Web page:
Friday, October 06, 2023

Review paper on long range single-photon LiDAR

Hadfield et al. recently published a review paper titled "Single-photon detection for long-range imaging and sensing" in Optica:

Abstract: Single-photon detectors with picosecond timing resolution have advanced rapidly in the past decade. This has spurred progress in time-correlated single-photon counting applications, from quantum optics to life sciences and remote sensing. A variety of advanced optoelectronic device architectures offer not only high-performance single-pixel devices but also the ability to scale up to detector arrays and extend single-photon sensitivity into the short-wave infrared and beyond. The advent of single-photon focal plane arrays is poised to revolutionize infrared imaging and sensing. In this mini-review, we set out performance metrics for single-photon detection, assess the requirements of single-photon light detection and ranging, and survey the state of the art and prospects for new developments across semiconductor and superconducting single-photon detection technologies. Our goal is to capture a snapshot of a rapidly developing landscape of photonic technology and forecast future trends and opportunities.


Fig. 1. Examples of imaging LIDAR configurations. (a) Flash LIDAR configuration using an array sensor and full-field illumination (a bistatic system is shown, with source and sensor separated). (b) Scanning LIDAR approach where the source is scanned and an individual sensor is used. (In this illustration, a bistatic configuration is shown; however, a monostatic scanning configuration is often used with a common transmit and receive axis).


Fig. 2. Single-photon LIDAR depth profiles taken at a range of greater than 600 m using a 100-channel Si SPAD detector system in scanning configuration. The operational wavelength is 532 nm. (a) Visible-band photograph of scene. (b) Reconstructed depth image of the city scene. (c) Detailed depth profile of the subsection of the scene within the red rectangle in (a). Further details in Z. Li et al. [60]. Figure reproduced with permission of Optica Publishing Group.

Fig. 3. Example of data fusion of a 3D image from a CMOS SPAD detector array and passive imagery of a scene at 150 m range. (a) Retrieved depth information from a SPAD detector array. (b) Intensity information from the SPAD overlaid on top of the retrieved depth information. (c) Intensity information from a color camera overlaid on top of the retrieved depth information [65]. Figure reproduced with permission of Springer Nature publishing.

Fig. 4. Solar irradiance versus wavelength at sea level (red) and in the upper atmosphere (blue). MODTRAN simulation [86]. The following spectral bands beyond the visible wavelength range are denoted by the shaded regions: near infrared (NIR), yellow; short-ware infrared (SWIR), cyan; mid-wave infrared (MWIR), red.

Fig. 5. Example of scanning SWIR single-photon LIDAR imaging. (a) Visible-band image of a residential building taken with an f=200mm camera lens. (b) Depth intensity plot of the building imaged with 32×32 scan points over a range of 8.8 km. (c) Depth plot of the building imaged with 32×32 scan points over a range of 8.8 km; side view of the target [89]. Figure reproduced with permission of Optica Publishing Group.

Fig. 6. Reconstruction results of a mountain scene over a range of 201.5 km using SWIR single-photon LIDAR [91]. (a) Visible-band imaged photograph. (b) Reconstructed depth result using algorithm by Lindell et al. [92] for data with signal-to-background ratio ∼0.04 and mean signal photon per pixel ∼3.58. (c) 3D profile of the reconstructed result. Figure reproduced with permission of Optica Publishing Group.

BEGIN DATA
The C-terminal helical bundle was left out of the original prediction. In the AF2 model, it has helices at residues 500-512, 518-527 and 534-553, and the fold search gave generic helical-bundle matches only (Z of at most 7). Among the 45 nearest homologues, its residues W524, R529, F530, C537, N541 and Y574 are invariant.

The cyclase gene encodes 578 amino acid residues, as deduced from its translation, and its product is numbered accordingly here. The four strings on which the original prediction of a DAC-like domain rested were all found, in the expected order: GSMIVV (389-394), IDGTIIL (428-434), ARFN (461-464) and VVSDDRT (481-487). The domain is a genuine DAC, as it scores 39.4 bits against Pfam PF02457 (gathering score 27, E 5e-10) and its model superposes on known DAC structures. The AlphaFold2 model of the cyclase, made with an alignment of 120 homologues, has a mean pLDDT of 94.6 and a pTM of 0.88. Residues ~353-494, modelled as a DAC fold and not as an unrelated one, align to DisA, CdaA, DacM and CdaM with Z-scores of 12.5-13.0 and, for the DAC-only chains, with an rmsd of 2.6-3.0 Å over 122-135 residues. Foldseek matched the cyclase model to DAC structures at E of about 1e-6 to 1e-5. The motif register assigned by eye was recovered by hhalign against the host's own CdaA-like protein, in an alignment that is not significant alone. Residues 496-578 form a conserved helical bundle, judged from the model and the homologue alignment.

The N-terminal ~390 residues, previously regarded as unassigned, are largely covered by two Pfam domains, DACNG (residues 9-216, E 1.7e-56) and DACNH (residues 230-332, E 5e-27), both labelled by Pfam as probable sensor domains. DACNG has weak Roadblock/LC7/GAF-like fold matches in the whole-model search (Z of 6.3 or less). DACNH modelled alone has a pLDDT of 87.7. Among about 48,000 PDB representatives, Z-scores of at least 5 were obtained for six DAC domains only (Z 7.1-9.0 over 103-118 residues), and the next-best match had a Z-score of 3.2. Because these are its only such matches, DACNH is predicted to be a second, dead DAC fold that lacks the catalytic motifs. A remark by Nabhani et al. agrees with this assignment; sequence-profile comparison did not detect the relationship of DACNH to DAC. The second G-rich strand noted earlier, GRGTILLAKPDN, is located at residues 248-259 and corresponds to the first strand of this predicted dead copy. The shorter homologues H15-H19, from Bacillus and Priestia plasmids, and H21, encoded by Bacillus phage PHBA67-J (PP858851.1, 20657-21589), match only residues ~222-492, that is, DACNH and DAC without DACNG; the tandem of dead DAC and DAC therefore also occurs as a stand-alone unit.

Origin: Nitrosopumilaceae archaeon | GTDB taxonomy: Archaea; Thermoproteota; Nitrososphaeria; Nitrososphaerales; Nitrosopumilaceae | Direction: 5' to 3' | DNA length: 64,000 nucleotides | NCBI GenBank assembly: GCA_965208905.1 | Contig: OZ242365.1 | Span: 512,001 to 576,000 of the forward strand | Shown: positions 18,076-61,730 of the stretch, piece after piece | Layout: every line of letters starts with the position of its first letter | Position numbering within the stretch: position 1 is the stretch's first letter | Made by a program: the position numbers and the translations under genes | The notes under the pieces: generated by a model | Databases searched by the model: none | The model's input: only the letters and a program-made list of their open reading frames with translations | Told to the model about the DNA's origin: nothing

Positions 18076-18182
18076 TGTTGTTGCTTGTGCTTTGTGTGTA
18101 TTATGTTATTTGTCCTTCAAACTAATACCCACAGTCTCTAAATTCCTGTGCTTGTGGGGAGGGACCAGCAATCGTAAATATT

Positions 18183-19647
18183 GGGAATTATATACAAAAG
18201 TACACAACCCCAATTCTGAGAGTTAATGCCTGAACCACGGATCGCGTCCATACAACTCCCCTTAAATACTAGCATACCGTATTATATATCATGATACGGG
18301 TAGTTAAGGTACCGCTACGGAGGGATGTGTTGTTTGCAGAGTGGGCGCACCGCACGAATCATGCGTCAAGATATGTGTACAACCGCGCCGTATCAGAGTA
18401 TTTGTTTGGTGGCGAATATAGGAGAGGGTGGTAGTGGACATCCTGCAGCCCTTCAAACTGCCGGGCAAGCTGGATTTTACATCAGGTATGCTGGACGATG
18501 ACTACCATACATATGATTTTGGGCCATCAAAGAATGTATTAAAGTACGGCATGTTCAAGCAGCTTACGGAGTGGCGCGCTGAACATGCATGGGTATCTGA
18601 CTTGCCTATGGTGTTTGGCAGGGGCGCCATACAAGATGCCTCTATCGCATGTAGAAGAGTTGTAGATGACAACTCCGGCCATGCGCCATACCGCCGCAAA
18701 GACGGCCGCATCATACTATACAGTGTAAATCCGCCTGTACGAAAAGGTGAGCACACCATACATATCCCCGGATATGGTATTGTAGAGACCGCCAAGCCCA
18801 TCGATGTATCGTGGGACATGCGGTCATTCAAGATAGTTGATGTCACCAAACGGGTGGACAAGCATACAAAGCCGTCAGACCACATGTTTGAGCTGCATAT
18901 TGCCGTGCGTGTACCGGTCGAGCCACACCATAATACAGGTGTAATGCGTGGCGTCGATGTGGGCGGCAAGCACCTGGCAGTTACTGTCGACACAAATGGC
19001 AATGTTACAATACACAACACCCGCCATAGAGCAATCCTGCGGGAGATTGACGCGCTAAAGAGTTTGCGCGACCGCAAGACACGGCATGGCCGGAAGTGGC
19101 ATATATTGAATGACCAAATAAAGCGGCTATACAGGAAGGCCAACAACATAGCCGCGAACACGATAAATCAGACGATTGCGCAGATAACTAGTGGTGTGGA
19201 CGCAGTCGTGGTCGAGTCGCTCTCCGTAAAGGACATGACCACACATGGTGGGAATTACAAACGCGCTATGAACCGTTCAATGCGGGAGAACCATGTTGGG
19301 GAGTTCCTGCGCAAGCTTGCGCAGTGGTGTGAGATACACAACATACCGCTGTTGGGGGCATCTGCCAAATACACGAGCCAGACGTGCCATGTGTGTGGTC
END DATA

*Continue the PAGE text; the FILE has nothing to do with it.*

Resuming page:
Fig. 7. Analysis of a scene with an actor holding a wooden plank across his chest and standing 1 m behind camouflage netting at a range of 230 m in daylight conditions. (a) Photograph of the scene, showing the actor holding a wooden plank behind the camouflage. (b), (c) Intensity and depth profiles of the target scene using all the collected single-photon LIDAR data. (d), (e) Intensity and depth profiles after time gating to exclude all data except those with a 0.6 m range around the target location. The pixel format used in the depth and intensity profiles is 80×160 [95]. Figure reproduced with permission of SPIE publishing.

Fig. 8. Schematic diagram of a SWIR single-photon 3D flash imaging experiment. The scene consists of two people walking behind a camouflage net at a stand-off distance of 320 m from the LIDAR system. An RGB camera was positioned a few meters from the 3D scene and used to acquire a reference video. The proposed algorithm is able to provide real-time 3D reconstructions using a graphics processing unit (GPU). As the LIDAR presents only 32×32 pixels, the point cloud was estimated in a higher resolution of 96×96 pixels. The acquired movie is shown in [101]. Figure reproduced with permission of Springer Nature publishing.

Fig. 9. Single-photon detector technologies for infrared single-photon LIDAR, with spectral coverage for each detector type indicated. (a) Schematic diagram cross section of a Si-based SPAD detector. The design is a homojunction. (b) Schematic diagram cross section of a Ge-on-Si structure, illustrating optical absorption in the Ge layer, and multiplication in the intrinsic Si layer. (c) Schematic diagram cross section of an InGaAs/InP SPAD detector; the absorption is in the narrow-gap InGaAs and the multiplication in the wider gap InP layer. In both (b) and (c), the charge sheet is used to alter the relative electric fields in the absorption and multiplication layers. (d) Schematic illustration of SNSPD architecture for near-unity efficiency at 1550 nm wavelength and optical micrograph of chip with single-pixel detector [109]; (d) reproduced with permission of Optica Publishing Group.



Link to paper (open access):

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